A look at Loacker
The company, which operates two production facilities at 1,000 metres above sea level, one in South Tyrol in northern Italy and one in Heinfels in Austria, produced 36,629 tonnes of wafers and chocolate specialties in 2016, corresponding to 877 million units.
Loacker prides itself on using natural ingredients in its products, including Italian hazelnuts, which are ripened in the country and roasted by the company, as well as real vanilla pods, fresh mountain water, pure chocolate and high-quality milk. There are no colourings, preservatives, flavourings or hydrogenated fats in its products and the company does not use genetically modified engineered ingredients.
Some 95 per cent of raw materials that enter the South Tyrol factory come in tanks and are transformed into the cream for Loacker’s product range. After the raw materials are made into a paste, the mixture goes into a refiner so the liquid contents evaporate and are made into a powder. This is then pumped into the tanks and mixed with coconut oil for 24 hours. For the wafers, flour and water are mixed together following the original recipe of the company’s founder Alfons Loacker. The South Tyrol factory has seven ovens capable of producing 300 wafer leaves per minute. After cooking, the wafer is then cooled down for around 20 minutes before being cut. After baking and filling, the wafer blocks are then cooled down for around 20 minutes before being cut.
Using high-quality ingredients, however, is not without its challenges. Lara Consoli, communication manager at Loacker, explains, “Using the best ingredients is not always an easy game: the high-quality standards of Loacker and the increasing raw material prices lead the company to finding new solutions through vertical integration.”
She adds, “Natural ingredients are one of our main philosophy points and we want to stick to that.”
The company is currently working on a project in Tuscany, Italy, to produce its own hazelnuts so it has more control over the quality of its ingredients and isn’t too dependent on the market. However, Alexander Eisath, product manager for Loacker’s sweet biscuits division, admits that it “takes time.”
For ten years, Loacker has owned a 200-hectare field in Tuscany and it wanted to make the most of this. “We started three years ago with the hazelnut production. Now, this year is the fourth year [and] we have started to have some fruits,” Consoli says. “This [project] allows us to have direct control over the quality of our ingredients and we are going to move on in this project,” she adds. “We are probably going to try to do this for other ingredients as well.”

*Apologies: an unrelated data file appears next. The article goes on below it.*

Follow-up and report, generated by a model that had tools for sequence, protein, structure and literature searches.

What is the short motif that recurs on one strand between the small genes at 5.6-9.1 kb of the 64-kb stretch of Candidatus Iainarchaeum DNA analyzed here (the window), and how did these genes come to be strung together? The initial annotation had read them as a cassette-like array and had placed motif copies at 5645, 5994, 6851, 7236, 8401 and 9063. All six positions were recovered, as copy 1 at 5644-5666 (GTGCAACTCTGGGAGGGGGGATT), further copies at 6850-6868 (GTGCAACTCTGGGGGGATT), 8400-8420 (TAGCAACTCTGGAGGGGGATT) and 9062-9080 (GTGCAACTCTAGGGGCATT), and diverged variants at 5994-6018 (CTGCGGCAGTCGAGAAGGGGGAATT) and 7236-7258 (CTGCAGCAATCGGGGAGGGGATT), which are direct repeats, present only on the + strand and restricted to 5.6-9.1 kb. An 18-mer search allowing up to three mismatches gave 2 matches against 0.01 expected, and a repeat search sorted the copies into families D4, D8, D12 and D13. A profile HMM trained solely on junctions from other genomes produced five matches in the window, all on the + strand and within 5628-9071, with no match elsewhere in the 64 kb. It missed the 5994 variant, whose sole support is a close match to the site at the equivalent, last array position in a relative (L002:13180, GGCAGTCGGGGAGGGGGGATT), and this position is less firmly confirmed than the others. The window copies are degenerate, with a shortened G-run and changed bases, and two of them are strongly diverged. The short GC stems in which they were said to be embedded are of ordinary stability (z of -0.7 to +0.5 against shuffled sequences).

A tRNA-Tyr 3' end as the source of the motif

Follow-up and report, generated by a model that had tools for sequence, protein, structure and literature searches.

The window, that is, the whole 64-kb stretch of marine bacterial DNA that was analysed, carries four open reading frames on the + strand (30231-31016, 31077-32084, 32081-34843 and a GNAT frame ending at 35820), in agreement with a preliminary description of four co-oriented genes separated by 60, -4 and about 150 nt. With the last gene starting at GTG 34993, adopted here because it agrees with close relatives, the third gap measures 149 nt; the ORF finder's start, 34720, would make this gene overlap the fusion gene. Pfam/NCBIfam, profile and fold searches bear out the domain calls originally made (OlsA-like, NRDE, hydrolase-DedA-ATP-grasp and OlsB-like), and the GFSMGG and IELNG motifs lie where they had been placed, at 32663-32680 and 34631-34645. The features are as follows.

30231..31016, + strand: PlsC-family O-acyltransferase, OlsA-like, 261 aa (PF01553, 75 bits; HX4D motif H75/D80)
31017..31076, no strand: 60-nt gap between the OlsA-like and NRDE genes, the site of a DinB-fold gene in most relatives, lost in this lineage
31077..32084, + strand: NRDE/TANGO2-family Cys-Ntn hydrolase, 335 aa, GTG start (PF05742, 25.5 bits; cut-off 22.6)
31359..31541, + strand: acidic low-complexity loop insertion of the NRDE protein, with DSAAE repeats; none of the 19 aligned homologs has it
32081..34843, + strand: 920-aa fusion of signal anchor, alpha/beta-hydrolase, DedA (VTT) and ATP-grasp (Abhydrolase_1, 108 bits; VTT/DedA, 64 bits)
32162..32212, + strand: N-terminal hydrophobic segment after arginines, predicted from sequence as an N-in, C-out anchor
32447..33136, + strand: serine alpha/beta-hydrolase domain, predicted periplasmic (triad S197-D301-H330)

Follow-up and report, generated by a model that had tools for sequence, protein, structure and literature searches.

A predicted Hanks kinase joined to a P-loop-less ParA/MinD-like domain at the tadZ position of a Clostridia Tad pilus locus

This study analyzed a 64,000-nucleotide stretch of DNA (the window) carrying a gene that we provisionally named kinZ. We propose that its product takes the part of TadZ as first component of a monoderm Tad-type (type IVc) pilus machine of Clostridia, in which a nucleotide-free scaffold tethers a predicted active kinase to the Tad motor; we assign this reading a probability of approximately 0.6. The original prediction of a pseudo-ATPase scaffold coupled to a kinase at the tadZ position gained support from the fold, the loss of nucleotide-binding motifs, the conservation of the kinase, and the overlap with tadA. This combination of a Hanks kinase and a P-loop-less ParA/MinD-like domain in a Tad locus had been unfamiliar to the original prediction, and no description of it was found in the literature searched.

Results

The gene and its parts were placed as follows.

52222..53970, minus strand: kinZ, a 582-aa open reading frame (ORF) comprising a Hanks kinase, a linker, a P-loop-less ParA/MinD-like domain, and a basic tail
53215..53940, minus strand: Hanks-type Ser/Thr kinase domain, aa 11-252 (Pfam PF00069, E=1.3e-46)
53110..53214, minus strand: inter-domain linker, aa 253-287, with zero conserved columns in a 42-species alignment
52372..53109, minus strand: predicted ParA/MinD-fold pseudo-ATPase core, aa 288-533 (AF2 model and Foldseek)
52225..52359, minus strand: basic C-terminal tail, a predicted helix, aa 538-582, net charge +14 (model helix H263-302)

In terms of other ingredient challenges, Consoli says it is also difficult to source high-quality vanilla. While consumption of vanilla has grown, production quality has slipped. Production of vanilla pods is complex as it takes ten months to have a pod that can be used for production, she explains, adding that it’s also an expensive process.
In addition, she tells Confectionery Production, “We’ve always used coconut oil. We didn’t switch to coconut oil when the whole polemics over palm oil started – we’ve always used coconut oil from the very first day.”
While the company focuses on the quality of its ingredients so too do consumers of Loacker’s products. “Consumers put more and more importance on quality, but they’re also very critical and they’re more attentive to what they eat,” Consoli says. “They’re very well informed due to the opening up of information – you have access to everything you can say. You have access to information that you didn’t used to have 10 years ago, and companies are expected to be more transparent.
“Loacker is very confident and clean from that point of view because we don’t have anything to hide and we’re very transparent in what we use for producing our products.”
As well as helping to build a sustainable future for the ingredients it uses, Loacker uses heat from its ovens to heat the building. The company implemented a heat recovery system, which saves 95,000 litres of gas to supply electricity to the offices above the production floors. “It is a matter of give and take so, we try to give credit to nature which gives so much to us every day,” Consoli explains.
She refers to the fact that at the company’s head office you step inside a natural environment, in the middle of green fields on the high plateau of Renon/Ritten, looking out onto the Dolomite mountains.
Most of the production at Loacker’s factories is automatic. “We have lots of automated production lines, but there are still people behind them,” Consoli says. “People are very important for us and we need them to still be a part of the production process.”
She adds, “Our machinery fits our needs and not the other way around.”
Consoli recognises that the industry has had to become more efficient over the years. “We also faced a need to be quicker, producing more and more,” she explains.
“We managed to do so through our good planning globally, good innovation of machinery, and thanks to the know-how of our technical staff we were able to face this change in industry.”
As well as being distributed in its home market of Italy, Loacker’s products are also exported to five continents. After Italy, the company’s second biggest market is Saudi Arabia and the third biggest is South Korea. Loacker has its own distribution companies in the US, Germany and Italy, while the rest is done with distribution partners.
The expansion and development of its export market is something Loacker plans to focus on going forward. “Our plan is always further diversification [and] internationalisation – we want to establish not only new markets but also grow in the markets where we are present,” Consoli concludes.